Kempton Mooney is the senior director of research and analytics at Nielsen Book, where he provides market information and research expertise for companies with strategic initiatives in the book market.
Prior to Nielsen, he held positions at Abrams, Random House and Hachette, working in sales, inventory, operations, and strategic planning. Kempton holds a masters from the University of Stony Brook and lives in New York.
He is also a track captain for DBW 2017, where he has helped assemble the speakers and programming for everything analysis and reporting, and he’s leading a session on how publishers can best use data.
We spoke with Kempton about his session and track at DBW, as well as what he’s looking forward to most about the conference.
You’re one of the track captains for DBW 2017, heading up the analysis and reporting track. What has the experience been like?
The experience has been great! It’s given me a chance to catch up with some of the really forward-thinking minds in the industry, which has been very interesting, and to meet some new people who are doing truly inventive things. There are going to be some great ideas that come out of this year’s DBW.
As part of your role as track captain, you’ll be giving a state of the union address on the first day of the conference. What sort of themes and ideas will you be touching on?
My colleague Jonathan Stolper will be giving an overview of what happened in 2016 and the sales trends we saw there, so that will have already been covered. So my state of the union will really focus on what is happening with data and research—what data is currently available, and what are the new methods being used to extract data from it. So part of it will be to discuss what is happening in our industry, and part of it will be to set a foundation for the content that will be presented over the course of the track.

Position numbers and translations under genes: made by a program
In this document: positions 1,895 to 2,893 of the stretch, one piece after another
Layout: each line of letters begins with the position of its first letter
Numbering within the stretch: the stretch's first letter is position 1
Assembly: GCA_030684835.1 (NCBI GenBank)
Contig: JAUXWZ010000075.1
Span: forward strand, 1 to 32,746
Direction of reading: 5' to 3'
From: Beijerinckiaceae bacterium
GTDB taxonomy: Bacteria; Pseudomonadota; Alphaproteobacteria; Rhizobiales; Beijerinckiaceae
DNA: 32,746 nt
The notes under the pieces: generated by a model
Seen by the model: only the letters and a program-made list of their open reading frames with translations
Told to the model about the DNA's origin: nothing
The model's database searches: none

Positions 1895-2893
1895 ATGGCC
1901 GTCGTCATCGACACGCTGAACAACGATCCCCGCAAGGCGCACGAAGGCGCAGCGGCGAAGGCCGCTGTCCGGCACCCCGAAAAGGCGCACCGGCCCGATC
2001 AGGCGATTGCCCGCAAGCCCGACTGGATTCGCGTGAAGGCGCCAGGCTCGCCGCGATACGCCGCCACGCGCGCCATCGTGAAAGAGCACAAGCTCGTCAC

You’re leading a session titled “How to Think Strategically About Data in 2017.” Can you give us a preview of what you’ll be discussing?
My session is toward the end of the program, after we’ll have already looked at the way we analyze the book industry and the tools we use to analyze it. So in my session, we’ll review the insights and discuss how to implement them. We’ll take the best practices and strategies for dealing with both opportunities and obstacles, and think about how to make them tactical.
How can publishers benefit by investing more time and resources into data and analytics?
Investing in data and analytics is how we become enabled to make informed decisions. But like anything, data can reach a point of diminishing returns; you can reach a point where you are swimming in data and can’t extract value from all of it. It is important to identify the problems that need to be solved so you can determine what is the right data to use, and what the right methods are for extracting the most value from it. These are some of the questions we are going to ask at DBW, and we’ll be looking at the most current solutions.
What sessions and speakers are you looking forward to most at DBW 2017?
I’m looking forward to all the talks, so it’s hard to choose just one or two. For example, I know Cliff Guren is putting something together on how publishers can use cutting-edge technology like machine learning that will have an enormous impact on things in the next few years. And it sounds like Carolyn Pittis is putting together some really interesting stuff around content process measurement and change innovation. But the thing I most look forward to is just talking with the thought leaders DBW brings together in one place, because for me it’s the quality of innovative discussions at DBW that makes it a truly special event.
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